Getting a Home Loan in Australia if you're living overs...
29 Nov 2023
Say you have an investment property, but don’t live in it. Is it possible to turn that investment property into your home? The short answer is yes - but it requires some legwork.
Life happens and sometimes financial circumstances change. Perhaps your investment property is negatively geared with negative cash flow and to save money you are considering turning your investment property into your primary place of residence. Or, maybe you purchased a property as an investment a couple of years ago but couldn't afford to live in it yourself until now, when your financial position has changed.
No matter your circumstance, there are a number of implications to factor in before turning your investment property into your primary residence.
When considering making the transition from investment property to primary residence, first and foremost you must inform the Australian Tax Office (ATO) that you’re no longer generating income from your investment property as it has become your primary residence.
Your primary residence, also known as principal place of residence (PPOR), refers to the residence in which you permanently reside. This residence does not generate income for the owner and is also exempt from capital gains tax.
Turning your investment property into a primary residence has a beneficial impact on your capital gains tax liability, but unfortunately, you’ll no longer be allowed to claim tax deductions on your rental property.
Before you begin packing up your belongings in boxes, if there is already a tenant in place within your investment property, moving right away cannot take place.
Residential tenancy laws afford tenants various rights, including adequate notice that an owner is wishing to return to the property to reside. To move back in you will need to issue any tenant with a ‘Notice to Vacate’ and provide the tenant with sufficient notice in accordance with relevant state legislations.
In Queensland, a tenant must be given at least 2 months notice to vacate, unless they are in breach of the tenant agreement. From there, the tenancy only ends on the end date of the agreement or the end date of the notice period (whichever is later).
Another important factor to consider when moving into your investment property is the loan you have against your property. It is best to speak to your lender to advise them of your intentions to move in to your investment property, so they can advise you of the implications this will have on your home loan. Your lender will be required to update your loan purpose from ‘investment’ to ‘owner occupied’, which can sometimes attract a lower interest rate! However this purpose change will most likely require you to provide your lender with some form of evidence of occupancy showing your new residential address, like your updated drivers license.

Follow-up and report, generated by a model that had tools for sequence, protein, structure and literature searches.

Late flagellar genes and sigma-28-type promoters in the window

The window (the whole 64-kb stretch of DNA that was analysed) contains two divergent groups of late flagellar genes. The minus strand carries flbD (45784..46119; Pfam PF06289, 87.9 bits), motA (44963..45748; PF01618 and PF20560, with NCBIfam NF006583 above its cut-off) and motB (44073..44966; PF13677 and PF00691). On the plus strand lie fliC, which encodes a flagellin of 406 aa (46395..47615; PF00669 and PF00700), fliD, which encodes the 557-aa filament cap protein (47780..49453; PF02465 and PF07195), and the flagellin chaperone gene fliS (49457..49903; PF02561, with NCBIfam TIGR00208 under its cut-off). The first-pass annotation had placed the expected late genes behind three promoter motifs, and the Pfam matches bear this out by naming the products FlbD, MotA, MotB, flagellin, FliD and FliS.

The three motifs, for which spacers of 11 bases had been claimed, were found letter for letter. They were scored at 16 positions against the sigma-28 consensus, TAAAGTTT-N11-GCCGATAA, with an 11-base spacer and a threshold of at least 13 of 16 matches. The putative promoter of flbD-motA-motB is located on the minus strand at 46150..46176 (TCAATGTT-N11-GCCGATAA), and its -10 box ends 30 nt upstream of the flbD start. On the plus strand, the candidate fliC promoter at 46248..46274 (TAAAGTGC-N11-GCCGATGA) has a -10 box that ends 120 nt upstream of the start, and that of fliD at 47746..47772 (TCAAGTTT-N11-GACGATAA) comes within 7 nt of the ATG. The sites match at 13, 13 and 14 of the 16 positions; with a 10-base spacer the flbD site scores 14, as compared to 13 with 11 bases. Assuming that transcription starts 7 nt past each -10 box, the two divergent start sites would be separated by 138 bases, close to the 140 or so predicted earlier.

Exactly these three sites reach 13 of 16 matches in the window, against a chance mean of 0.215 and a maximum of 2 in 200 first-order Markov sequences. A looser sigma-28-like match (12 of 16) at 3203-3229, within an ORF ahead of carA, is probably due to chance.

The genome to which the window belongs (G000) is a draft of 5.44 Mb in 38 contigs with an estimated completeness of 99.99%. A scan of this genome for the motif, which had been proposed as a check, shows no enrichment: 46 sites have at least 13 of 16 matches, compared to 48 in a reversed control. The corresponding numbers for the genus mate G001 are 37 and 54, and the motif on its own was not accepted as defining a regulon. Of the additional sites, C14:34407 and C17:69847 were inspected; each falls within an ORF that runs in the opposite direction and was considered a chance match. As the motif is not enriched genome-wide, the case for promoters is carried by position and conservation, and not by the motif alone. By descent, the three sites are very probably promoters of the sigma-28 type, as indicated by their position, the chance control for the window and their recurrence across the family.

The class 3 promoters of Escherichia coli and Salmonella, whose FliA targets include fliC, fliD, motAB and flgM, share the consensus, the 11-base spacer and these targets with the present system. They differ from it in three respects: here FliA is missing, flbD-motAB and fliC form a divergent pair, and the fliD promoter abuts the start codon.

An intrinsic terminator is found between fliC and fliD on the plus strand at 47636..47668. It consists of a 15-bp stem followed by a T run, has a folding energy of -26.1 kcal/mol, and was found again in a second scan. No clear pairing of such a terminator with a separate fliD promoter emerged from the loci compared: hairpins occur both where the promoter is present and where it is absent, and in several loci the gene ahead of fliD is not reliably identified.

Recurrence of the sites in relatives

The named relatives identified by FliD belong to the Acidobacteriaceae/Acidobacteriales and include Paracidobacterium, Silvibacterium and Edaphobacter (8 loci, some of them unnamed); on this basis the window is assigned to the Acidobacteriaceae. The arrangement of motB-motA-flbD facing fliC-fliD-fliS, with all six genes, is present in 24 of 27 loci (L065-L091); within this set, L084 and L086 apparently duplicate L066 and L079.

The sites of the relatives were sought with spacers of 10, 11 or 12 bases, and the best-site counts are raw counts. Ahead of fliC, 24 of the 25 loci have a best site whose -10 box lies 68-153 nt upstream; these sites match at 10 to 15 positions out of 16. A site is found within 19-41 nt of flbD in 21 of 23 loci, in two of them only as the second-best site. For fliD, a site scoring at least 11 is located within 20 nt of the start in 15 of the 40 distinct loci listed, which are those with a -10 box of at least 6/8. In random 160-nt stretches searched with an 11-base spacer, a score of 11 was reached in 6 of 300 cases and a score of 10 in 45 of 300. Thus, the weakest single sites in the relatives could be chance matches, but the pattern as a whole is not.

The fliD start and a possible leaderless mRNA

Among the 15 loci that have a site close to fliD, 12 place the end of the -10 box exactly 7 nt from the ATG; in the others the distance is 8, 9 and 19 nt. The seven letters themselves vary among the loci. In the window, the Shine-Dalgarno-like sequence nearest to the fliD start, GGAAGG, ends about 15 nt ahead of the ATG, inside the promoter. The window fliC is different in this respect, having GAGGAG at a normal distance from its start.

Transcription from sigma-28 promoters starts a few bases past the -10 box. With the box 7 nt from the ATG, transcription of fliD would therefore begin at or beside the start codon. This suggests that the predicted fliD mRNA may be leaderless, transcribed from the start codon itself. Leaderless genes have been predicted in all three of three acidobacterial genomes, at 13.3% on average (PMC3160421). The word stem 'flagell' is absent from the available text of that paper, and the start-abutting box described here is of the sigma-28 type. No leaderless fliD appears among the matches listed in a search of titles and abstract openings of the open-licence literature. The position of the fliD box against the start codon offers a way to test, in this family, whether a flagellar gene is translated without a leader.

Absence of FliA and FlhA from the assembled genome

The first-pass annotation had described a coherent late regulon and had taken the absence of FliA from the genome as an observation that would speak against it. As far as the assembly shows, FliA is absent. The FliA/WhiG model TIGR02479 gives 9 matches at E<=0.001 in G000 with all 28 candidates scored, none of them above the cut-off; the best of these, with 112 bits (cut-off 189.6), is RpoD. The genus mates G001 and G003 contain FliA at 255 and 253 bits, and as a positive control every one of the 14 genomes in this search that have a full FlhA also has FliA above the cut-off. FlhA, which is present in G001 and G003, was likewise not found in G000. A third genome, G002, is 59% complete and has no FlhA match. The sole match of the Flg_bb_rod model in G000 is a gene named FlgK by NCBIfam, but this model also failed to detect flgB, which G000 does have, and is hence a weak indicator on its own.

In the age of the side-hustle, investors are exploring alternatives to continue to generate extra income including moving into the property whilst continuing to rent out a portion, such as a spare room or a granny flat. This allows you as the investor to potentially claim some tax deductions.
The amount you will be entitled to claim through tax deductions is dependent on the area of the property you intend to rent out. If you as an investor are renting out your granny flat which is approximately 20% of the total property area - whilst residing in the remainder of the property - you will be able to claim 20% for deductible expenses such as rates, interest and depreciation.
By converting your investment property to a primary residence, there are significant tax implications relating to deductions and capital gains tax.
Declaring your investment property to be your primary residence with the ATO will put an end to your eligibility to claim any tax deductions against the property. Should you continue to rent out part of the property as mentioned above, you may be able to claim a portion of these expenses.
By switching your property from investment to primary residence, significant implications lie upon capital gains tax. Whilst your investment property may be exempt from capital gains tax if it has been the primary residence during the entire period it was owned, the ATO requires disclosure and declaration of any profit on the sale of an investment property.
The ATO notes that if you’ve used any portion of your home to produce income, you’re generally not entitled to claim the full capital gains tax exemption - even if it’s just a single bedroom.
To calculate the capital gain that is not exempt, you’ll need to consider several factors:
In the case of a dwelling which was an investment property for one part of the ownership period and a primary residence for another part, capital gains tax is calculated on a pro-rata basis. This means that if you sell a property which you have owned for four years and rented it out for a year before living in it yourself for three years, you are exempt from 75% of the capital gain.
Before making any financial decision based on your investments and their potential future, it’s important to factor in your current financial position and seek advice from qualified financial professionals.
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